This modification was inspired by a desktop app called Tofu.
All Readability configuration options are supported, including footnote links. Margin width is interpreted as the inverse of column width (wide margins yield narrow columns). Some column width tweaking and cross browser debugging remains to be done. I know it works in Webkit and Mozilla (Safari and Firefox); implemented with CSS3 Columns.
That’s hot, Jim. I want it.
First I want to check if it’s feasible or worthwhile to submit it as a patch to the original bookmarklet, although there are valid concerns that the column format isn’t appropriate for all types of content that may be viewed with Readability.
Otherwise, I’ll definitely make it available here – although I’ll have to investigate what’s permissible. (I have difficulty understanding the terms of many open source software licenses.) Fortunately, since all my changes are confined to the stylesheet, a normal Readability bookmarklet can be edited to point to a copy of the multi column stylesheet.
Update: Now available.
Posted on Monday, June 7th, 2010.
This is a script for Safari. It’s a variation on my Bookmark in Yojimbo script. The original “Bookmark & Edit” option has been replaced with “Bookmark & Post to Pinboard”. I rarely want to edit a bookmark or its properties, but soon I might start sharing some links on Pinboard.
This is a script for NetNewsWire, a free feed reader for Mac OS X. It works just like the above script for Safari. It saves a bookmark to the current news item, and provides an option to spread the news by posting the bookmark to Pinboard. This is what I’m going to do instead of sharing items in Google Reader.
This is a script for Yojimbo, the program I use to save bookmarks and other bits of information. It posts the selected bookmark items to Pinboard. This script is invoked [and thus required] by the “Bookmark & Post to Pinboard” option in both scripts listed above.
Before posting a bookmark, the script prompts you to enter a description. The initial value of the description is based on the Yojimbo item comments. If you click “Post”, the bookmark will be posted with the given description but the Yojimbo item comments will not be changed; “Post & Update Comments” will change the item comments to match the entered description.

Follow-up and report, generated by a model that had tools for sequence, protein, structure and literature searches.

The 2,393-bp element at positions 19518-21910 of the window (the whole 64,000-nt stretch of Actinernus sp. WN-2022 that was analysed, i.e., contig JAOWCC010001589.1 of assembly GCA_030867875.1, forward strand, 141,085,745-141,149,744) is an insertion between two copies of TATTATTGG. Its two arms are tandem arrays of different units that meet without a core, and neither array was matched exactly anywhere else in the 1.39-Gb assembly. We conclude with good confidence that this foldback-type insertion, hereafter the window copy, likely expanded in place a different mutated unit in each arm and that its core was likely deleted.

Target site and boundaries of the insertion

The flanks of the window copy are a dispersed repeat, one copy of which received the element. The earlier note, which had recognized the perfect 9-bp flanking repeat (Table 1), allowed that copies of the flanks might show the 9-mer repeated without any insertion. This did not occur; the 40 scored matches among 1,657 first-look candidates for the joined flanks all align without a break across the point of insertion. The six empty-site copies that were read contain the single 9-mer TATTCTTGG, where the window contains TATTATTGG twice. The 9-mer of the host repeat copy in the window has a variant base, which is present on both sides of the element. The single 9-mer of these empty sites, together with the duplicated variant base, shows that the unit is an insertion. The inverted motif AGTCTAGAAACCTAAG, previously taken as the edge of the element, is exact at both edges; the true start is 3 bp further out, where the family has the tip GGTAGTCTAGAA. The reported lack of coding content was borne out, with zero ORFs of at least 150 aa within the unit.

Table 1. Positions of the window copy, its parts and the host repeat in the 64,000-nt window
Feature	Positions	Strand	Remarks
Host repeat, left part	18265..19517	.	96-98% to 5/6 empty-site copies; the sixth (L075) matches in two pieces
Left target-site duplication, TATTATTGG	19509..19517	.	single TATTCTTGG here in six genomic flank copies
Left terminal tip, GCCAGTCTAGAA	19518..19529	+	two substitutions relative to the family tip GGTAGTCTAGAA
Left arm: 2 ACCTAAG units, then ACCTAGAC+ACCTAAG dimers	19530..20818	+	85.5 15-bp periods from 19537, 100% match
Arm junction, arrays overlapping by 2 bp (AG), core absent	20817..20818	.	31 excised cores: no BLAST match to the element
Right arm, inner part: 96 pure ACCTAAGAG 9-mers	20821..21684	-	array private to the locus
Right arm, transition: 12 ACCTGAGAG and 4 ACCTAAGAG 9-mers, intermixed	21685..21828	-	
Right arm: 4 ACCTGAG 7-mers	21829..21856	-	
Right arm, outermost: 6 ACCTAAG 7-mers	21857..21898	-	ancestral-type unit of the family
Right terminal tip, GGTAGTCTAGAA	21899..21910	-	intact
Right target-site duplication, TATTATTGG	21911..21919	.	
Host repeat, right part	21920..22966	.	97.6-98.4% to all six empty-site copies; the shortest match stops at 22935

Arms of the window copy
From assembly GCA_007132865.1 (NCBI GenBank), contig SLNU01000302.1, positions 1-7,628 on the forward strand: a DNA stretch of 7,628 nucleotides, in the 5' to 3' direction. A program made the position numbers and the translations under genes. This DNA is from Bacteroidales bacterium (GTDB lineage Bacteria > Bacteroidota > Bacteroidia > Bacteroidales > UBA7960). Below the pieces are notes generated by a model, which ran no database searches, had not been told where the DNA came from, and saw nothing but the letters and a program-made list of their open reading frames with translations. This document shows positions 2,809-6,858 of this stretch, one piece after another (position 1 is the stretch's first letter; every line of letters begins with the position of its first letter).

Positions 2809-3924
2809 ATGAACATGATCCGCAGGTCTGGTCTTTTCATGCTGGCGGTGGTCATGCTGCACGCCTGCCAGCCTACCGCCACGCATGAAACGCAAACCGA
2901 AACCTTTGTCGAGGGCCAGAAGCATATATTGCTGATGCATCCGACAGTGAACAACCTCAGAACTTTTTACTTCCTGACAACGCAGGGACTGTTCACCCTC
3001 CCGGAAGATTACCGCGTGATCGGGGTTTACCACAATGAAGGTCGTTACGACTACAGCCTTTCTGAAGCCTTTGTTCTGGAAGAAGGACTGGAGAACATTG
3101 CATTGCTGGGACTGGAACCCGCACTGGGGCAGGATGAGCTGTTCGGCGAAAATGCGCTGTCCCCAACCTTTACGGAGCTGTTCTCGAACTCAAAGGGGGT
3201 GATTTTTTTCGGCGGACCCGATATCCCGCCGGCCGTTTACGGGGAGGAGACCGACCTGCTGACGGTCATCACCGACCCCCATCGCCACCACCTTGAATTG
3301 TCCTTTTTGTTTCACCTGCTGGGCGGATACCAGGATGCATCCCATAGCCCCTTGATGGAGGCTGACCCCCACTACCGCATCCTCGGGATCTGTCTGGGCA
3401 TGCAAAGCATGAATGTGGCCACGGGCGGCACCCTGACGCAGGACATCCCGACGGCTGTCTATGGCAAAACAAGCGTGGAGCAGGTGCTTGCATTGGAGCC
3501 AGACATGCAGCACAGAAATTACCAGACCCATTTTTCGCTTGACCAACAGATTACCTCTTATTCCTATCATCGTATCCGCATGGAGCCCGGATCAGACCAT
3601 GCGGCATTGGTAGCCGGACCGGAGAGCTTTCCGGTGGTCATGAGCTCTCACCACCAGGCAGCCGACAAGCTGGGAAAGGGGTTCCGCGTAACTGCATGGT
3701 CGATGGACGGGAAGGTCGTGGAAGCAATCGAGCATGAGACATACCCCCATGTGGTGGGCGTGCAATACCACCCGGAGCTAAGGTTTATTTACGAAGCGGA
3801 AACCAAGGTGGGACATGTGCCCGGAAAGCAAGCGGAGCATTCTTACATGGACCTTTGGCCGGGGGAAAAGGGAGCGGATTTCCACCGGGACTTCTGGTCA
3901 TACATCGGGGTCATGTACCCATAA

To help you keep track of what you’ve shared, items posted to Pinboard are added to a “Pinboard” collection, which will be created if it doesn’t already exist. As an example, here’s what my collection looks like at the moment:
And here’s how it looks on Pinboard:
These scripts don’t deal with tags, labels, stars, or other features offered by Yojimbo or Pinboard. These scripts aren’t likely to be very useful if you’re not me. I don’t know exactly what happens if you post the same bookmark to Pinboard twice; I think it’s updated automatically.
There are bugs.
Download all three scripts here (24 KB)
~/Library/Scripts/Applications/Safari/Bookmark Page in Yojimbo.scpt ~/Library/Scripts/Applications/NetNewsWire/Bookmark News in Yojimbo.scpt ~/Library/Scripts/Applications/Yojimbo/Post Bookmark to Pinboard.scpt
_pinboard_script_path property at the top of both “Bookmark in Yojimbo” scripts to identify the full path to your copy of the Pinboard script. In my case, this reads:
property _pinboard_script_path : "/Users/anoved/Library/Scripts/Applications/Yojimbo/Post Bookmark to Pinboard.scpt"
Lastly, edit the
_API_password properties at the top of the Pinboard script to reflect your Pinboard login information. Since the Pinboard API is essentially a clone of the Delicious API, it should be straightforward to modify this script to work with Delicious – but unfortunately I haven’t quite got it working. Don’t hold your breath for an update, but please do share any fixes or improvements.
Posted on Monday, February 15th, 2010.
Posted on Wednesday, September 2nd, 2009.